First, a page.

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Unformatted text preview: CRIMINAL LAW SUMMARY FALL 2005 MANDEL I. PURPOSES/JUSTIFICATIONS OF CRIMINAL LAW Theories of Punishment (s: 7 – 19) The Problem of Punishment - The mere existence of the criminal law demands justification because in the name of equality, it singles people out for deliberate deprivation. This may seem like a contradictory premise, because the deprivation is a prima facie violation of the right to equal treatment. Deterrence/Utilitarianism (Jeremy Bentham) • Punishment is mainly justified by its potential to prevent crime • Based on a cost/benefit analysis in order to ensure “the greatest good for the greatest number” of people. Thus, punishment is justified if it prevents more harm from crime than is inflicted through punishment. It is the lesser of two evils. • 2 Categories of the methods of crime prevention: 1. General Deterrence • The threat of punishment deters the acts. The threat is kept credible by actually punishing those who commit crimes. • There are 2 qualifying principles in order to claim a given punishment is “justifiable” 1. The prevented harm to victims exceeds the inflicted harm to offenders 2. The punishment rendered must be the least harmful as possible in order to reach the desired result. There must be proportionality • Variations in the likelihood of punishment do have a deterrent effect, whereas severity of punishment does not. 2. Individual Deterrence • Seek to reduce the criminal activity of the person being punished • Are not very theoretically sound in relation to the utilitarian justifications • Two types: i. Rehabilitation/Reform - identifying those who are likely not to re-offend an offering them a lesser punishment ii. Incapacitation - Prevention of re-offending by control over the individual • Problems – deterrence doesn’t work for every type of crime – i.e. when crimes are the result of ‘the heat of the moment’ or when crimes are the result of an accident (ex. Manslaughter) Retribution (Immanuel Kant; Herbert Morris) • Kant : • Punishment is a categorical imperative and thus, is justified because they deserve it for doing what they did. That s the end of it you don’t need any greater justification than that. • If you inflict harm, you deserve harm done unto you, tit-for-tat. • Morris : • Individuals in society share a mutual benefit because they all share a burden – the burden to exercise self-restraint in the pursuit of self interested goals so as to not infringe on others’ rights. • When people commit crimes they are giving themselves an unfair advantage over all other members of society – essentially they are breaching the contract. • Criminals deserved to be punished by the mere fact that they committed a crime, b/c it levels the playing field and takes away they advantage they have given themselves • Justified by ‘free-will’ - everyone freely chooses to commit crime or not • Problems : • The logic of restoring a balance b/w offender and victim, is the logic of compensation and would turn the criminal law into a tort system •...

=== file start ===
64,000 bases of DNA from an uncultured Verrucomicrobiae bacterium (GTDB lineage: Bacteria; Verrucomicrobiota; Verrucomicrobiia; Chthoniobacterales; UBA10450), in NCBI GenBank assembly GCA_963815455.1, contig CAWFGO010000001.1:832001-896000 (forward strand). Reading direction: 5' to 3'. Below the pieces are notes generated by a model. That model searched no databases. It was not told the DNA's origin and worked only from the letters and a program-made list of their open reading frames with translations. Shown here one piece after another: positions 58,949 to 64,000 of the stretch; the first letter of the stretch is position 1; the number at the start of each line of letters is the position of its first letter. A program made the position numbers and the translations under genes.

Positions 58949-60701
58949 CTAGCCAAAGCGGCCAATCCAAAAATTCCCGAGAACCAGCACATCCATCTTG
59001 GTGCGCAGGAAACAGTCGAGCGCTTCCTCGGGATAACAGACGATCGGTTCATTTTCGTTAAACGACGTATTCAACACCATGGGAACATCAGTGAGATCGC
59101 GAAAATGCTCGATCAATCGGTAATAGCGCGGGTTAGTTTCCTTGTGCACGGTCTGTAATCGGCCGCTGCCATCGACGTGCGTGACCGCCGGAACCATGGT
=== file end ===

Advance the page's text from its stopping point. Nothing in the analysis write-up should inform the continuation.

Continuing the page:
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This note was uploaded on 04/02/2008 for the course LS 109 taught by Professor Kutz during the Spring '08 term at Berkeley.
- Spring '08